1. Set a goal.
  2. Get really clear on the why. Why do you want to achieve this goal? Is this goal for you, or someone else? What is deeply important to you?
  3. State your values. Which of your values does this goal align with? Creativity? Learning? Adventure?
  4. Set an intention for that goal. How do you want to feel after accomplishing the goal?
  5. Define what success looks like to you. What will make you feel successful in this situation?

Let’s put this into action:

  1. Goal: I want to take painting classes in 2020. 
  2. Why: I want to carve out time in my life for creativity. 
  3. Values: Creative expression and trying new things are really important to me. 
  4. Intention: I want to have fun, stay open-minded, and not be hard on myself if I’m not “good” at painting – I want to feel proud for committing to something that’s important to me.
  5. Success: Success would look like showing up for myself consistently, even when I don’t feel like it. 

It’s normal to feel a lot of external pressure around goal setting, from the media telling us what success should look like, to our parents not-so-subtly hinting at their ideas of success, to comparing our accomplishments to those of our peers and partners (even – or especially – random people on social media we’ve never met). But we now know that if we don’t set goals with intention, it’s no wonder why we don’t feel much of anything when we accomplish a goal that wasn’t important to us in the first place.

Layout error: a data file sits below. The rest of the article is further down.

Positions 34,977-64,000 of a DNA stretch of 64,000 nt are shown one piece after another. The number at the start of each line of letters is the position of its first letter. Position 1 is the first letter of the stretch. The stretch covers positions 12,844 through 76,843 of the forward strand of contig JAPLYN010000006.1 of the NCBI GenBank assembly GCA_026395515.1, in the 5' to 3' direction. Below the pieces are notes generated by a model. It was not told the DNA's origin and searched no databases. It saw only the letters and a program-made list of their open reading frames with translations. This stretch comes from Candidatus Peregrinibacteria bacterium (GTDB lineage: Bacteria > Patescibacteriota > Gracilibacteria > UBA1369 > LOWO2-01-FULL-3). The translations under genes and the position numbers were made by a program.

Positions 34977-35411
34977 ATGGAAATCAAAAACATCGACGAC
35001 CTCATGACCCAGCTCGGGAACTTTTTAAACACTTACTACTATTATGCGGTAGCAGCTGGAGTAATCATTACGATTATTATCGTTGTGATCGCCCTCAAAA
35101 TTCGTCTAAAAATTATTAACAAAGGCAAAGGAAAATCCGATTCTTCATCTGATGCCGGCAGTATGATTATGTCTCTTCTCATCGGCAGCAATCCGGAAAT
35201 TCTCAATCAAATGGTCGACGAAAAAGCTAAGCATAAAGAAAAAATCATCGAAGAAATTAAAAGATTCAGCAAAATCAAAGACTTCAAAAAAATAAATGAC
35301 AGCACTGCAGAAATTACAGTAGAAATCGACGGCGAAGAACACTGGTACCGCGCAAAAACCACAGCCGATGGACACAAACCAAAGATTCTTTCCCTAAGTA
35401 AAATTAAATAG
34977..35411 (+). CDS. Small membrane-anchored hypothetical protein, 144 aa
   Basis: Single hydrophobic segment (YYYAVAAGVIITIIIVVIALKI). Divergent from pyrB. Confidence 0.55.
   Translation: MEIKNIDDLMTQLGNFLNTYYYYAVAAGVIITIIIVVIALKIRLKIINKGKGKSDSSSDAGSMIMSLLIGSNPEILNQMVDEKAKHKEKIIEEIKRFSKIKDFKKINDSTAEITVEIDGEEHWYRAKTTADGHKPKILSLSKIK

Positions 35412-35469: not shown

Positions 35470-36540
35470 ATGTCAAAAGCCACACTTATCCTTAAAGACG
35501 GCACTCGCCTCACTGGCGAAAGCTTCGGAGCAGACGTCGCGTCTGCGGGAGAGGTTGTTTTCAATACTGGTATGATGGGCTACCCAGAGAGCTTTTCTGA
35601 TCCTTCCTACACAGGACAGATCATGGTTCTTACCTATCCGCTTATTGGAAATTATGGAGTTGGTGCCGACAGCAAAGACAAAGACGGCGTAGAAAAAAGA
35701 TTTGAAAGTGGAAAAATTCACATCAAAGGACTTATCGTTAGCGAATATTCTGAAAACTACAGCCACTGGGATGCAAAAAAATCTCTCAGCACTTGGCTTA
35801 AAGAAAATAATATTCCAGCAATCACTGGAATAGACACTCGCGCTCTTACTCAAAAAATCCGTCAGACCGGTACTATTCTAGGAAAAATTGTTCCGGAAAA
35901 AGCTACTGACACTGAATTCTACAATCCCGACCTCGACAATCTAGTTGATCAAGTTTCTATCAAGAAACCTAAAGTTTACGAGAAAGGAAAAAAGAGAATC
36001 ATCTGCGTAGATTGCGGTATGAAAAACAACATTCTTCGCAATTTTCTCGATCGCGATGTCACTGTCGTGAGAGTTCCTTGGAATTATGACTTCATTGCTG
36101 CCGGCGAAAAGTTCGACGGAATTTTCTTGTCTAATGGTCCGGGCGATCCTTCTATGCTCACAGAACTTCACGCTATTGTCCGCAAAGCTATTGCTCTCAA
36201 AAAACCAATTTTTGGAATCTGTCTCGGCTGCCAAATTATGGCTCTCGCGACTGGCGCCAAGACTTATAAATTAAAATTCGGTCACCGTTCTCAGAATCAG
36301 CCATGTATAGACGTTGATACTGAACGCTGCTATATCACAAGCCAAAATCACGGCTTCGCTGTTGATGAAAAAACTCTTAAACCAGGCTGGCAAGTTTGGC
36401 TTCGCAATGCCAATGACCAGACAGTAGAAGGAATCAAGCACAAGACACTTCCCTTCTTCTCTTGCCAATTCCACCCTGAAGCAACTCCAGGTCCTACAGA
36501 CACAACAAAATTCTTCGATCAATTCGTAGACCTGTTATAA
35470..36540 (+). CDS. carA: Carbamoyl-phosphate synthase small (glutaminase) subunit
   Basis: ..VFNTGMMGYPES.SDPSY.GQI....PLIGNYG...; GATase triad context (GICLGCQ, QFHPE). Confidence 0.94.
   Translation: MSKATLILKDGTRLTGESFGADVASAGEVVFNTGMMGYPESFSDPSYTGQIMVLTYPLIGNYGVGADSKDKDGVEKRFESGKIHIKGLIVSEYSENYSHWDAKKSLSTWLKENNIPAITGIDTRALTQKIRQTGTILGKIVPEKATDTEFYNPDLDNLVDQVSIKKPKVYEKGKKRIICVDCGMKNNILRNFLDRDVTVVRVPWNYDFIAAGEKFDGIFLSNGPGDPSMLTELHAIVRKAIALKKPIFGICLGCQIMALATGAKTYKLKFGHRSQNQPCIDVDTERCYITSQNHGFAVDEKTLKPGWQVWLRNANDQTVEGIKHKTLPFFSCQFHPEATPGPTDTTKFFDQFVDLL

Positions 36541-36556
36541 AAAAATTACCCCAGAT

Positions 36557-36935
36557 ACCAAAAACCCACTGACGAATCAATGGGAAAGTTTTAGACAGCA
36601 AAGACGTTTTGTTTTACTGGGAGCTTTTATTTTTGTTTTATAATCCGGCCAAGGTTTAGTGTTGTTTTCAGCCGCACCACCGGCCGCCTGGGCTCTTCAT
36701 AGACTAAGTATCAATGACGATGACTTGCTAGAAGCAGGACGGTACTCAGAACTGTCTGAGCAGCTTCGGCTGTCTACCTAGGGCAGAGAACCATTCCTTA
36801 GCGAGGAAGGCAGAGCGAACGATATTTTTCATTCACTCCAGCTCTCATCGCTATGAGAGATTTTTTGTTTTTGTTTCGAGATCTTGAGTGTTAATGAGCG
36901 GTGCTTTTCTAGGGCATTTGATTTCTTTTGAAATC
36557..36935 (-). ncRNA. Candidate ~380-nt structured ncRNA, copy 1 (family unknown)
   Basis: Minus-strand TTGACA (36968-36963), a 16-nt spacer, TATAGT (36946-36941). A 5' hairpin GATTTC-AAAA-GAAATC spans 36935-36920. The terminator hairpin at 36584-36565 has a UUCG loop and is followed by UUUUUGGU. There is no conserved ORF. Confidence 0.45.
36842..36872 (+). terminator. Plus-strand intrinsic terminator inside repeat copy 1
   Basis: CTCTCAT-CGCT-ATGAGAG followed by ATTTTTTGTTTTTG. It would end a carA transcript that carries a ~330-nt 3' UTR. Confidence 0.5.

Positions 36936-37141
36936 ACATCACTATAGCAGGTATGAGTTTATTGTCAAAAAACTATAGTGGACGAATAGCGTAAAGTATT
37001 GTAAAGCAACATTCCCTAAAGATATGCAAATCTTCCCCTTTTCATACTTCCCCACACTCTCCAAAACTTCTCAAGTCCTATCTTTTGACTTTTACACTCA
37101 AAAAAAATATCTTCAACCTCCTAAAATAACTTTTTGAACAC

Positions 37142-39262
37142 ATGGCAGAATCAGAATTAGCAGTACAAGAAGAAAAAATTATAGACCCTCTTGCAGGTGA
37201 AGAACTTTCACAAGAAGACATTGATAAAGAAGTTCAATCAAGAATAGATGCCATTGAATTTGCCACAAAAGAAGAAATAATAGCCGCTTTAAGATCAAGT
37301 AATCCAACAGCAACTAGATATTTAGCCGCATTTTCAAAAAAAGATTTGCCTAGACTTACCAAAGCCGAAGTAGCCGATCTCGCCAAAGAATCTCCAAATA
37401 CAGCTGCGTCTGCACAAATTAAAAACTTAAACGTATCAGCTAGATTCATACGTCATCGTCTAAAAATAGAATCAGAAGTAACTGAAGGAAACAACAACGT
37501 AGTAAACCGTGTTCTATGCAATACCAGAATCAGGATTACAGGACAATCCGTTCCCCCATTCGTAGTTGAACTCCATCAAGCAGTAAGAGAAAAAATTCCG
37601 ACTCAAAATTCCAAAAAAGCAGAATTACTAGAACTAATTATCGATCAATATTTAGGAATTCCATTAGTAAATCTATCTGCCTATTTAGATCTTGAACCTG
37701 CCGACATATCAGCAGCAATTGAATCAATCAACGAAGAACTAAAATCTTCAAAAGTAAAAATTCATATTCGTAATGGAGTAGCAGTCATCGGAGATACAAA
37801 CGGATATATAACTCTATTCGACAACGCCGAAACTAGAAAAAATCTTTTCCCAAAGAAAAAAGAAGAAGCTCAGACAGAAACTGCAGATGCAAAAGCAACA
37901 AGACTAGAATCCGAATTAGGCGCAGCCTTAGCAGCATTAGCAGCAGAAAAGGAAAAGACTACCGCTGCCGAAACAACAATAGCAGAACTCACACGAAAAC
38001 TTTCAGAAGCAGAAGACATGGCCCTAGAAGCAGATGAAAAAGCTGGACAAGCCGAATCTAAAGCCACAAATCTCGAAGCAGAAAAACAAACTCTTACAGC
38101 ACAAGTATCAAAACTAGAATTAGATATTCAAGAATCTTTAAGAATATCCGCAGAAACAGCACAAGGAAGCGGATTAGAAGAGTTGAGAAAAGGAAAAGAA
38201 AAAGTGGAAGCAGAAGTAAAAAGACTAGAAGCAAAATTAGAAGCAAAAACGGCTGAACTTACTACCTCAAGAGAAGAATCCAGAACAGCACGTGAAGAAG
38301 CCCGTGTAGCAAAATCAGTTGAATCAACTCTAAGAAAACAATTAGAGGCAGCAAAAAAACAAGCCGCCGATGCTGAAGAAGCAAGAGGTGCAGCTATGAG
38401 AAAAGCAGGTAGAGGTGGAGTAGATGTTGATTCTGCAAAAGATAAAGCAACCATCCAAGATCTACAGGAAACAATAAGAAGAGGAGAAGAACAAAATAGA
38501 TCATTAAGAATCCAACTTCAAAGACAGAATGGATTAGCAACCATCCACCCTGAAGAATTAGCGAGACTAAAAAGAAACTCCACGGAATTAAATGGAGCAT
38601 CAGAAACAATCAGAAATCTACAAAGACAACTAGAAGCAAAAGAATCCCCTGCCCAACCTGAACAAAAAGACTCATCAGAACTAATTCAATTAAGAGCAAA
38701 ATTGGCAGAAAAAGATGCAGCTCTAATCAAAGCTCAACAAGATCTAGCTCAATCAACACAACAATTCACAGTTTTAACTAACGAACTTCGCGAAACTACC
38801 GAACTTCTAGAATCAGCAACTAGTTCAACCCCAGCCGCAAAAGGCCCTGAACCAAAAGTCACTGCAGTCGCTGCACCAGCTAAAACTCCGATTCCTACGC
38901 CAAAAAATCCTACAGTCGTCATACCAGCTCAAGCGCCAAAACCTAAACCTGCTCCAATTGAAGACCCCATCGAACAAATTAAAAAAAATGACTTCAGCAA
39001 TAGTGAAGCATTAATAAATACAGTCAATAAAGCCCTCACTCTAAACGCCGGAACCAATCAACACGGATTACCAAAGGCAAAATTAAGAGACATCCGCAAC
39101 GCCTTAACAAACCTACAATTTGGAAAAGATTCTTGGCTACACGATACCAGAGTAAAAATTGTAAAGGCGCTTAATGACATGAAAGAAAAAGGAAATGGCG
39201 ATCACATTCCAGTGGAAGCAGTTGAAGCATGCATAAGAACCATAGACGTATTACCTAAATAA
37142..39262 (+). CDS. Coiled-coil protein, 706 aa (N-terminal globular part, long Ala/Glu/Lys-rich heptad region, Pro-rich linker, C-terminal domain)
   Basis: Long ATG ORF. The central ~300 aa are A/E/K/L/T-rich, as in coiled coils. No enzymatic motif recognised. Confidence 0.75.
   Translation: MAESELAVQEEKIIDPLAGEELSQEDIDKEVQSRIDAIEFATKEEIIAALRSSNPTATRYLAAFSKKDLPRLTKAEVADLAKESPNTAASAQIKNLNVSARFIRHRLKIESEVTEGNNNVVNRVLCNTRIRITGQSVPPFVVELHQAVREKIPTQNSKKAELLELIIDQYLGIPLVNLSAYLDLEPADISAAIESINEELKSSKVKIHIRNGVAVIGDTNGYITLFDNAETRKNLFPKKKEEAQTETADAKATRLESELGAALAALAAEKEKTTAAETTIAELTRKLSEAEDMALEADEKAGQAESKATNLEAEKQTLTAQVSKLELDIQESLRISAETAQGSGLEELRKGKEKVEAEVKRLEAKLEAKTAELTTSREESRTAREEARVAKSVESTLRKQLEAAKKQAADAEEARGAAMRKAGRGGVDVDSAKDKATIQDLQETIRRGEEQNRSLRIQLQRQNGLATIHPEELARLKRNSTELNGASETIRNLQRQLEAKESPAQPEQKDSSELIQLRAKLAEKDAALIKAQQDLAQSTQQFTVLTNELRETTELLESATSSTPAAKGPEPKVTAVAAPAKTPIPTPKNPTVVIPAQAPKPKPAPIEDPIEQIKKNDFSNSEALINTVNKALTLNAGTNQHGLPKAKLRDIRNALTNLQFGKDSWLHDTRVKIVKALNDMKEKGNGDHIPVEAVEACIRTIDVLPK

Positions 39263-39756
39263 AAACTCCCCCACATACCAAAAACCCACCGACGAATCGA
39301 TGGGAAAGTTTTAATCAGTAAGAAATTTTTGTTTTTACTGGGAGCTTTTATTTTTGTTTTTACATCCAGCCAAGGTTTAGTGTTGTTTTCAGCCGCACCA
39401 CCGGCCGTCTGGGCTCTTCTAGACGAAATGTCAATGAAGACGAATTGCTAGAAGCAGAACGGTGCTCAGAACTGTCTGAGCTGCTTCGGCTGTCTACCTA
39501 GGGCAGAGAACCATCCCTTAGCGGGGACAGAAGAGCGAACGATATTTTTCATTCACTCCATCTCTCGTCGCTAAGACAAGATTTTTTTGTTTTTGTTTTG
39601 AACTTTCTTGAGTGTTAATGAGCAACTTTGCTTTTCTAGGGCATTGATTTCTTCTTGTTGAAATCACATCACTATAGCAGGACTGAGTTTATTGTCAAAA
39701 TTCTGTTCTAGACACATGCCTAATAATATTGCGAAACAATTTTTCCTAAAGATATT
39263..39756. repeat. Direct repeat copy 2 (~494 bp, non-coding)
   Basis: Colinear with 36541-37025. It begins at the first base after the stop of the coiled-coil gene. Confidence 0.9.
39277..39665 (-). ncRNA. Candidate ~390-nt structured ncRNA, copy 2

We don’t have to get caught up in the never-ending chase of goals. It’s time to take our power back and start setting goals that are as unique as we are. If we shift our mindset with this new take on goal setting, we just might find the satisfaction we’re searching for – and that’s something worth celebrating. 


This post is tagged as:

You may also like...

The Latest